Resource-US I Tour

Resource-US I Tour 2017-02-15T07:31:11+00:00

US I Tour

Focuses on the following Mass. Social Studies frameworks:
(General History: 6, 7, 8, 9)
(US I.11, US I.12, US I.27, US I.28 A + D, US I.30, US I.32, )
Primary source: Alexis de Tocqueville,Democracy in America, Volume I(1835) and Volume II (1839) see Tocqueville itinerary (shaker meeting);
See also Economics Tour for other visiting options.

Vocabulary/concepts to know ahead of time

  • Intended/unintended consequences
  • Historical context (celibacy, spiritualism, millenialism)
  • Theocracy
  • Oligarchy
  • Early 19th Century American Transportation system
  • Horace Mann
  • Second Great Awakening

Overview of the Shakers in the early 19th Century:

The emphasis of the Massachusetts US I frameworks is on the major social, economic, political, and religious changes of the early 19th century. Several of these changes can be observed during a visit to the Shaker Village. Each of the buildings below will provide students with a glimpse into 19th century life. The Laundry & Machine Shop will highlight the rise of mechanization and the textile industry in New England. The Trustees Office contains exhibits that will demonstrate the importance of trade and the Transportation Revolution of the 19th century.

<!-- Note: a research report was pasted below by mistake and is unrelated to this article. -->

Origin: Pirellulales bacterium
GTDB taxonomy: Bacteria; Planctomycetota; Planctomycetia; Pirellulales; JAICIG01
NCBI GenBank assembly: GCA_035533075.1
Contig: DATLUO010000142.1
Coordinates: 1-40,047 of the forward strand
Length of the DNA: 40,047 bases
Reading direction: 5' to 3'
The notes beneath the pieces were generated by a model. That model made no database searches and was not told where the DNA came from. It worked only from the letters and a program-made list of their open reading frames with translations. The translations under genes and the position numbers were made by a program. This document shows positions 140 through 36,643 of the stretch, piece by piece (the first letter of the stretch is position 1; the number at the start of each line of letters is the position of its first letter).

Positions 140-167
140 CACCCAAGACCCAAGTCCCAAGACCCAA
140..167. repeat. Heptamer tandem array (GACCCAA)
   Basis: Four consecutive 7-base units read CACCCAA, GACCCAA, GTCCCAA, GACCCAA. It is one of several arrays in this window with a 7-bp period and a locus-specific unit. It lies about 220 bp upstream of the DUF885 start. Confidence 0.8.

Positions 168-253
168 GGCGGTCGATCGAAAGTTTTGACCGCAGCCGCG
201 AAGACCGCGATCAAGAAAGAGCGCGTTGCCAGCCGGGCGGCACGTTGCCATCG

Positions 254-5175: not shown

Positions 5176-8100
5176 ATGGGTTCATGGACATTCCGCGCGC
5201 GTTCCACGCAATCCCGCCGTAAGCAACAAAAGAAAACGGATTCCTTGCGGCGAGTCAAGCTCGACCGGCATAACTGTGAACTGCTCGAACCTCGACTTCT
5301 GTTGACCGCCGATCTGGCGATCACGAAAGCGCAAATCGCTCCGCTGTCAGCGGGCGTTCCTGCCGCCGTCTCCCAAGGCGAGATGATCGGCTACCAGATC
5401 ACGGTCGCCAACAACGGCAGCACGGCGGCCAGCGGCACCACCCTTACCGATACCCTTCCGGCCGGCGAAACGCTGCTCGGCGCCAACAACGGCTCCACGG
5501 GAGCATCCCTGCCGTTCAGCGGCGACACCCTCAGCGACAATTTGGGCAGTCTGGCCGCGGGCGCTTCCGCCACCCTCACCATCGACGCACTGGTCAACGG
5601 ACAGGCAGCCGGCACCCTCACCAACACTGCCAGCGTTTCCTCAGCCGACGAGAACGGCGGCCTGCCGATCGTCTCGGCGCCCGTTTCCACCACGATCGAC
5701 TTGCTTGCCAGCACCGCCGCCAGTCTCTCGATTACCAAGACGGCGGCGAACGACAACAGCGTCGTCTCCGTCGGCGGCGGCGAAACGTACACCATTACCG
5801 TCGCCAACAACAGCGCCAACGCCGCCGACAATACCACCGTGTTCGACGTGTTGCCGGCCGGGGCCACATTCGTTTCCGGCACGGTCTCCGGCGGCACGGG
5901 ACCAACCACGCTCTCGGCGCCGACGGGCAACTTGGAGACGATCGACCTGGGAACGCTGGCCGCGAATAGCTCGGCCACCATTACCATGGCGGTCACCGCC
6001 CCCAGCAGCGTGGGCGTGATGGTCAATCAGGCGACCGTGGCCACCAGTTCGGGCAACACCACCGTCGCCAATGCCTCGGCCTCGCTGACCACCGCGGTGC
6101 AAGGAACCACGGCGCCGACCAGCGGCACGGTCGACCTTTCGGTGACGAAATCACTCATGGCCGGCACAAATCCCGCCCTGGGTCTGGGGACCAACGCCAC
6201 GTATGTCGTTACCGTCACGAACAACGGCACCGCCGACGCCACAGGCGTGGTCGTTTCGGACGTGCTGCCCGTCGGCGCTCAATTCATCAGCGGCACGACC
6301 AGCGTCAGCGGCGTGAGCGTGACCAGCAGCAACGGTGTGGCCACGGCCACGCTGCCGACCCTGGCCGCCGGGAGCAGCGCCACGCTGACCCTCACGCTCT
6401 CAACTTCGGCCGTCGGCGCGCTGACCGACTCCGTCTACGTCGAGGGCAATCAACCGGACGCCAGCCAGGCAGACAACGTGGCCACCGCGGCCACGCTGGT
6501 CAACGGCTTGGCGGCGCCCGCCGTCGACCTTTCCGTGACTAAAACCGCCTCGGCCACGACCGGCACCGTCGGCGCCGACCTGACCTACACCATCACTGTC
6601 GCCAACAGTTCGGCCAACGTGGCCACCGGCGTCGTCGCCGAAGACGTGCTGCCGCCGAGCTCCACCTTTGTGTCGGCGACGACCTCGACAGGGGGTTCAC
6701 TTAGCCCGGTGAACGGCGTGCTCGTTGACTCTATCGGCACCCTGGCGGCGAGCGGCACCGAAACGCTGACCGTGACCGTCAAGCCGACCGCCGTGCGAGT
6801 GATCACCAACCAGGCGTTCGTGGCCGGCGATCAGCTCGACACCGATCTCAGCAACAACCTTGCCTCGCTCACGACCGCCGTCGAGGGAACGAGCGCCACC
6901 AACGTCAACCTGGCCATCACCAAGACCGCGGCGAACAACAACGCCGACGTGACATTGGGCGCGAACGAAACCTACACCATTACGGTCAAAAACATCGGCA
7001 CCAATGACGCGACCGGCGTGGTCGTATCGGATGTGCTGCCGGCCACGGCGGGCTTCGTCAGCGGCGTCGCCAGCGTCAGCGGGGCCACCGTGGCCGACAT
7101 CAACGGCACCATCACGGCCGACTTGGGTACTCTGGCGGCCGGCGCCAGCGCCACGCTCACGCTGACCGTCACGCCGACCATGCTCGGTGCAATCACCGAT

Places to visit on the tour

Laundry/Machine Shop
Things for students to keep in mind in the Laundry & Machine Shop:

  • What types of machines do you see in this building? How do they demonstrate the technological improvements of the 19th century?
  • Why is the Laundry & Machine Shop located where it is?
  • What was the role of men and women in this place? Is it similar or different from gender roles in the outside world at this time?

 

Trustees’ Office & Store
Things for students to consider:

  • This shop was the Shakers’ link to the outside world. Why do you think it was located where it was?
  • Look at a map of Hancock Shaker Village. Why do you think this part of the Village was located where it was?

 

Meetinghouse
Things for students to consider:

  • Where do the Shakers fit into the spectrum of Protestant denominations?
  • What did their worship look like?
  • What did observers such as Tocqueville and Dickens say about these services?
  • How were the Shakers impacted by the Second Great Awakening?

 

Brick Dwelling
Things for students to consider:

  • What type of government did the Shakers have?

 

Schoolhouse
Things for students to consider:

  • How is this classroom different from theirs?
  • What things did Horace Mann stand for? Is there evidence of this in this classroom and in the Shaker educational system?
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